Friday
Mar202015

10th Anniversary: Joan Allen, Family Struggles, and 'The Upside of Anger'

a special anniversary tribute from Adam Armstrong


Are you close with your father?”

This was asked of me recently at a social gathering for a graduate school program I may attend in the fall. Not knowing how to respond, or rather, unwilling to respond honestly, I answered by saying, “Yes, you could say so.”

This is the scenario people who come from a family in which the dynamic has been disrupted from a parent abandoning the unit loathe, yet know all too well its inevitability in conversation.

So does The Upside of Anger, which is celebrating its tenth year in release. The film chronicles the means by which a family copes and moves forward with their lives after the patriarch has left them, presumptuously thought to have run off with his younger secretary to live in Sweden. The family, one all too relatable in this modern familial climate of increasing divorce rates, is comprised of a bitter mother and her brood of children, all of whom in some way fail to meet her and each other’s expectations. [more...]

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Wednesday
Mar182015

Emmy History, "Empire" Heat, and the Super Competitive 'Best Drama Actress' Race

The two hour season finale of Empire, a show I like to call "The Taraji P Henson Variety Hour," hits tonight and though Emmy nominee balloting is literally three months away (June 15th-26th) so there's plenty of time to weigh the options and discuss them, the Empire team is already working hard to win votes. Taraji P Henson & Terence Howard feel like likely players in the Drama races. I doubt Emmy will ignore the leads in a new primetime soap network drama this buzzy and popular. The 1980s were unquestionably the heyday of this genre of television (with Dallas, Dynasty, The Colbys, Knots Landing and Falcon Crest all popular) though it's probably worth noting that the actors within this genre have had an easier time landing nominations then their series have. Dallas and Dynasty, the two most popular shows of this genre in the history of television, were only up for the top prize three times between them. Why, you ask?

Emmy history and the historic Best Actress after the jump...

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Monday
Mar162015

Q&A: TV Queens, Musical Divas, and Bad Work by Great Actors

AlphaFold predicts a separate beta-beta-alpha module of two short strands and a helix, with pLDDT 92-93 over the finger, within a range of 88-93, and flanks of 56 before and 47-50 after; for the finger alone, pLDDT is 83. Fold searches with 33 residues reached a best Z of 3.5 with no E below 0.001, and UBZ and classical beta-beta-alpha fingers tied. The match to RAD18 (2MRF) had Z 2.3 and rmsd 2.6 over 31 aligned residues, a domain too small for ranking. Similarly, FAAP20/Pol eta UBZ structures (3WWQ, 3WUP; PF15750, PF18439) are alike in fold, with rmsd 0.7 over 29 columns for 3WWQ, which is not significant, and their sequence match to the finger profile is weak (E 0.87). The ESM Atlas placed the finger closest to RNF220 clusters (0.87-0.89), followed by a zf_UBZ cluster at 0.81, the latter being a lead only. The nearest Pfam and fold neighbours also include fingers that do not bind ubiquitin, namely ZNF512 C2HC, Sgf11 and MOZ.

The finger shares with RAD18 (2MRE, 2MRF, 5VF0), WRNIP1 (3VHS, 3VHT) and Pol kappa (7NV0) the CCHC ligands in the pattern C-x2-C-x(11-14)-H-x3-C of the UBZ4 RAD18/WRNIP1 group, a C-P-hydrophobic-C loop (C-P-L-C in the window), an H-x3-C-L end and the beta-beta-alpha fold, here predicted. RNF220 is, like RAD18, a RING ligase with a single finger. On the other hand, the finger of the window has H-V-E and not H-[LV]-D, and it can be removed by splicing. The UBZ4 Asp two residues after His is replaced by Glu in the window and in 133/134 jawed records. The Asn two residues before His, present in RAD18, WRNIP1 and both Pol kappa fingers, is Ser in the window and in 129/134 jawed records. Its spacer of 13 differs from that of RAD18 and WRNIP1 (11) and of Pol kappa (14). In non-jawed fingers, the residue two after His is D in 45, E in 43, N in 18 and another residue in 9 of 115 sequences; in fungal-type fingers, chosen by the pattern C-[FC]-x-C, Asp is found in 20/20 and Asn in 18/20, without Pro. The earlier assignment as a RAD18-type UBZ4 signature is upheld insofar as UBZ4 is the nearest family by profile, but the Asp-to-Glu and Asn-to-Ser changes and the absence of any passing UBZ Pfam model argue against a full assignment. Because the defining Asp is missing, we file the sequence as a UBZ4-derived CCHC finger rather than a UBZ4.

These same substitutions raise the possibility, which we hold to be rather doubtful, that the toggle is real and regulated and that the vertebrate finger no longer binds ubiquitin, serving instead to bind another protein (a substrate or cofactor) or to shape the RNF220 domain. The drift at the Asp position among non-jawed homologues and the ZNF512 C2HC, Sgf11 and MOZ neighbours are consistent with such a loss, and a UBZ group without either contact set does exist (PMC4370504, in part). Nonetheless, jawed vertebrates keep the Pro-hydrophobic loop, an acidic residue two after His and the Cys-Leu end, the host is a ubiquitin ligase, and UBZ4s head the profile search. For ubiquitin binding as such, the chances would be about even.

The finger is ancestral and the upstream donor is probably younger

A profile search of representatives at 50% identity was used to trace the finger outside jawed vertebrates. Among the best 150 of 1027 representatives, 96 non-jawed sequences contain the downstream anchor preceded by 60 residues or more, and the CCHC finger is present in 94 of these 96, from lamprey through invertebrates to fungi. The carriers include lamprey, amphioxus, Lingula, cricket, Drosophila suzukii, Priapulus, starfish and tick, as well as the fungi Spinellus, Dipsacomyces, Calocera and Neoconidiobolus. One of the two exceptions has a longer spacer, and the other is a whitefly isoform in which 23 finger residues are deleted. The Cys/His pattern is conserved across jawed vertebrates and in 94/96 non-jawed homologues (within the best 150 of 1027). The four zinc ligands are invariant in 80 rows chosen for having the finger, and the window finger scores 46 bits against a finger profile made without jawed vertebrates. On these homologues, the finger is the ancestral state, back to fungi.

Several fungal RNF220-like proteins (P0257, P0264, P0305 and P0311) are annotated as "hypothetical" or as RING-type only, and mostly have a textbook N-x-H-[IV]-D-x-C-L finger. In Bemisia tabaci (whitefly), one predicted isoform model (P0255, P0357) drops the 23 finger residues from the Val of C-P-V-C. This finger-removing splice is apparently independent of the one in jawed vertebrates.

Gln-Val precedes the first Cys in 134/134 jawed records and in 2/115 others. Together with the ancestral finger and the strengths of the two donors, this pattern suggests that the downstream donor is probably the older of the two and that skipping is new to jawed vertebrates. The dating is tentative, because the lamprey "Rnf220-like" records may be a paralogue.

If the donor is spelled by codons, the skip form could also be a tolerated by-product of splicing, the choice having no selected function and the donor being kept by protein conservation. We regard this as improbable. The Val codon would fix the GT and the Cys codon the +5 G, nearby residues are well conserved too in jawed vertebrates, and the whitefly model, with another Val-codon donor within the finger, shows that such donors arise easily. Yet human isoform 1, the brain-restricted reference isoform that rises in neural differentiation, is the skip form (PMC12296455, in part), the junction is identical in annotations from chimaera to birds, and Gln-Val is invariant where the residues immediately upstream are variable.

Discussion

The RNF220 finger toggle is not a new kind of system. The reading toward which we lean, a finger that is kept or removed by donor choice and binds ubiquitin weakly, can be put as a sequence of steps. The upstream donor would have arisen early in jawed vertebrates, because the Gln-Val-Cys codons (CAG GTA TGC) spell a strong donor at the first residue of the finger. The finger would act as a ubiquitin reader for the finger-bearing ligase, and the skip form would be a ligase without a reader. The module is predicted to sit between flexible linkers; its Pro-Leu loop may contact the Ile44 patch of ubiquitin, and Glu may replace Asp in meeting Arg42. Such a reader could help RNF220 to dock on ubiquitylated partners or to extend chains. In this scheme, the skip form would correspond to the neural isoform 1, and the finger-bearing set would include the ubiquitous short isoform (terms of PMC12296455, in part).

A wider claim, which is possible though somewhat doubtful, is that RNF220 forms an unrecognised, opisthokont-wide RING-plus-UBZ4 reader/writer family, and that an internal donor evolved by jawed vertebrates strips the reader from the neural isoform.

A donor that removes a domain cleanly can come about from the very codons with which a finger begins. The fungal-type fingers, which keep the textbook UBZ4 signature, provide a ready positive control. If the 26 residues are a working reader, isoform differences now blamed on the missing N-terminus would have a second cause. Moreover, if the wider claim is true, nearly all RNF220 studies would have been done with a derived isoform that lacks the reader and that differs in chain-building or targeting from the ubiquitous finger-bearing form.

Time for more Reader Questions. Thanks for asking them. Only six this time and they're nearly all actressy (next week something differentd) but the answers are lengthy.

TROY: A performance by an actress in television -- either episodic, movie, or miniseries -- that could stand alongside the best of the best work of Oscar-winning divas.

NATHANIEL: This is an unfair question since the reason people have such affection for television performances from the miraculously good ones to the just competents ones is that the actor in question has had literally hours and hours of time to develop that character and the viewer has had hours, months and sometimes even years in which to fall in love with the role itself (and sometimes the actor, too). Different mediums, agendas, ways of becoming iconic. Apples / Oranges. But of TV-centric actresses that repeatedly deliver A grade awards-quality work no matter the show or character they're working with (an important distinction) my vote for the best television actresses ever are Julia Louis-Dreyfus and Edie Falco... Claire Danes for the bronze should she add a third performance as impressive as Angela Chase and Carrie Mathison to her series-ography (wait what do you call a television resume?).


Three final notes on this TV actress question. Movies no longer really have an equivalent to the kind of broad near slapstick comedy that TV often specializes in but literally no one makes me laugh harder than Jane Krakowski (Ally McBeal / 30 Rock / Unbreakable Kimmy Schmidt) and I have a rage stroke every time I remember that she's Emmy-less. Three recent singular TV performances I think of all the time for hitting every possible pleasure spot in terms of delivering both great actressing and nuanced TV characterizations without ever starting to feel stale (the danger of long term work) are Connie Britton in Friday Night Lights, and Elisabeth Moss and Christina Hendricks from Mad Men.

Finally, though I know it's not a popular opinion critically speaking (even though the show is historically very popular) I absolutely proclaim Sarah Jessica Parker a true genius for her work on Sex & the City. Gee-nee-us. Like Meg Ryan / Julia Roberts / Sandra Bullock / Goldie Hawn at their peaks rom-com perfection but for the small screen.  'Your girl is lovely, Hubble Sarah.' 

BENJI: What is your favorite silent movie/star+performance?

Diary of a Lost Girl (1929)

NATHANIEL: Maria Falconetti is unforgettable in The Passion of Joan of Arc (1928) which I'd also call the best of the silents. But... Best is different than Favorite. And that masterpiece has a kind of fetishized suffering, like a Von Trier without the childish pranking, that you really have to be in the right mood for. So the truer answer to your question is Louise Brooks in Pandora's Box (1929). That's my favorite silent ever (which is saying a lot because I love so many of the ones I've seen) and I also think she's great in Diary of a Lost Girl... though that movie isn't quite at her level the way her best known film is. I love all the usual stars (Gish, Garbo, Valentino) but it's Brooks that does it for me the most.